Three session singers – John Carter, Ken Lewis and Perry Ford – got together as The Ivy League.
Carter (born John Shakespeare) and Lewis had already enjoyed a modicum of success as Carter-Lewis & The Southerners, and Ford (real name, Brian Pugh) was a seasoned session man.
Their credentials were sufficient to secure a record deal with Pye subsidiary Piccadilly but their dynamic debut single, What More Do You Want? flopped.
Funny How Love Can Be was hastily recorded as a follow-up.
The record made it to #8 in February 1965, and made grand use of the trio’s high-pitched vocals – a style that became their trademark.
A third single, That’s Why I’m Crying, was a little too similar and stalled at #22. Their crowning moment was to come with Tossin’ and Turnin’, which gave them a #3 hit.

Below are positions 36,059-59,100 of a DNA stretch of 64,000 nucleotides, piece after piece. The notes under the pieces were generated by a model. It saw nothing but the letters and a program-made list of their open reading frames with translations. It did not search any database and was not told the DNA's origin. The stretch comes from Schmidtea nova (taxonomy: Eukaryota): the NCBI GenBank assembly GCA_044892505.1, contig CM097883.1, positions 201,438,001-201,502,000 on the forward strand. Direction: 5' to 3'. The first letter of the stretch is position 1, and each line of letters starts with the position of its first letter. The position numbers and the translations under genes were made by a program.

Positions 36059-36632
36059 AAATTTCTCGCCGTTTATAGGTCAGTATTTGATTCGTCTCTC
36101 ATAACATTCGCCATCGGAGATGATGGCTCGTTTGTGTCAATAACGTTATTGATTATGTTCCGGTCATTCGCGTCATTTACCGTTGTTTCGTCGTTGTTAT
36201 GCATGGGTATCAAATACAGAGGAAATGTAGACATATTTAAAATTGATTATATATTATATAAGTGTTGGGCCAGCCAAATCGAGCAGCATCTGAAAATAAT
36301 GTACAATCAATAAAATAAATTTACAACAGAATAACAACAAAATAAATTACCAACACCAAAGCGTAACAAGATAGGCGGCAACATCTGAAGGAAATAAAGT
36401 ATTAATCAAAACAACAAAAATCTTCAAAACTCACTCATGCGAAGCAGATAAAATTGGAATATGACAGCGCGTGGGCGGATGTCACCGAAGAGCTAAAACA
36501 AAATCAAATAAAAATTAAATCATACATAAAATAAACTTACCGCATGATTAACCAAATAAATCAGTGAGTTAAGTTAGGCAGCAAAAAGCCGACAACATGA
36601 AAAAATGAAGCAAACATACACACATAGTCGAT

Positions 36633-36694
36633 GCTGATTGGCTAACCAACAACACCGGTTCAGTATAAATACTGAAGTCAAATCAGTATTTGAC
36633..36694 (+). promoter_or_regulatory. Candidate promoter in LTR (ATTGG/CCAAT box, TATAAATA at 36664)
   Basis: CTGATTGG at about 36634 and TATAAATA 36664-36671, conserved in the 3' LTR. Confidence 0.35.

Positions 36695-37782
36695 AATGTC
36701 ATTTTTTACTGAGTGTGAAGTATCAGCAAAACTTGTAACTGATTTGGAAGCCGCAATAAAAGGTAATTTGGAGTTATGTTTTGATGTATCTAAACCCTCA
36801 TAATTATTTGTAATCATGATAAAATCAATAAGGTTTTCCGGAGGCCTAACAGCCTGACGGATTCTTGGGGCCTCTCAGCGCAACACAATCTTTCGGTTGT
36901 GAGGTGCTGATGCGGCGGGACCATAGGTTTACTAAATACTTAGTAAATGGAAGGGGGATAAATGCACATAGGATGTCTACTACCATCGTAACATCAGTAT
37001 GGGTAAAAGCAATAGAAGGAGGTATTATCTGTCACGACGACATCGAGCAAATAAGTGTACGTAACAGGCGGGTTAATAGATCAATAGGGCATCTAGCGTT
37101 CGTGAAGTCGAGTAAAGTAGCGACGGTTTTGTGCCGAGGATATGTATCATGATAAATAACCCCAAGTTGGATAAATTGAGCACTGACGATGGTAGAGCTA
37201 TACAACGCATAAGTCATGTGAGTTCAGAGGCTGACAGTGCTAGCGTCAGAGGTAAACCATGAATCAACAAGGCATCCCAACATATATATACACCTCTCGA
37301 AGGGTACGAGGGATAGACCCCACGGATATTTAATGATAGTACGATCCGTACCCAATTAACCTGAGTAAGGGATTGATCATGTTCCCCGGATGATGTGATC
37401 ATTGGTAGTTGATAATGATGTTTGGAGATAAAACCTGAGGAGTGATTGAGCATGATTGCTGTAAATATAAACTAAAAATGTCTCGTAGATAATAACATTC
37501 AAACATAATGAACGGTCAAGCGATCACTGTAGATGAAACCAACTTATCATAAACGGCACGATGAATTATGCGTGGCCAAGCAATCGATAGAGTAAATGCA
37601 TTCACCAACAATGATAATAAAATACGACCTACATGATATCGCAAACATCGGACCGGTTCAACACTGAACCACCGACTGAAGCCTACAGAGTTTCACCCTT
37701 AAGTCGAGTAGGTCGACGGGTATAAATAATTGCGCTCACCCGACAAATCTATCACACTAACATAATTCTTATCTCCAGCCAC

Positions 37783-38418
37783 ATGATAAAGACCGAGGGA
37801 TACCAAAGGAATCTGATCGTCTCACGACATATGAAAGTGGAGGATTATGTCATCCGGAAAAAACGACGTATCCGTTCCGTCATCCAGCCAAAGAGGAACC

Their eagerly awaited debut album, This Is The Ivy League, was something of a disappointment as a wide range of musical styles were included – not all of them suited to the trio’s characteristic falsetto style (reaching an embarrassing low on The Floral Dance).
The album was panned by the music press and, unsurprisingly, failed to chart.
Several more unsuccessful singles followed including Willow Tree and My World Fell Down. Carter and Lewis quit in 1966 and were replaced by Tony Burrows and Neil Landon.
This line-up went on to masquerade as The Flower Pot Men with Let’s Go To San Francisco.
The Ivy League continues to perform, although none of the current members are from the original 1960s line-up.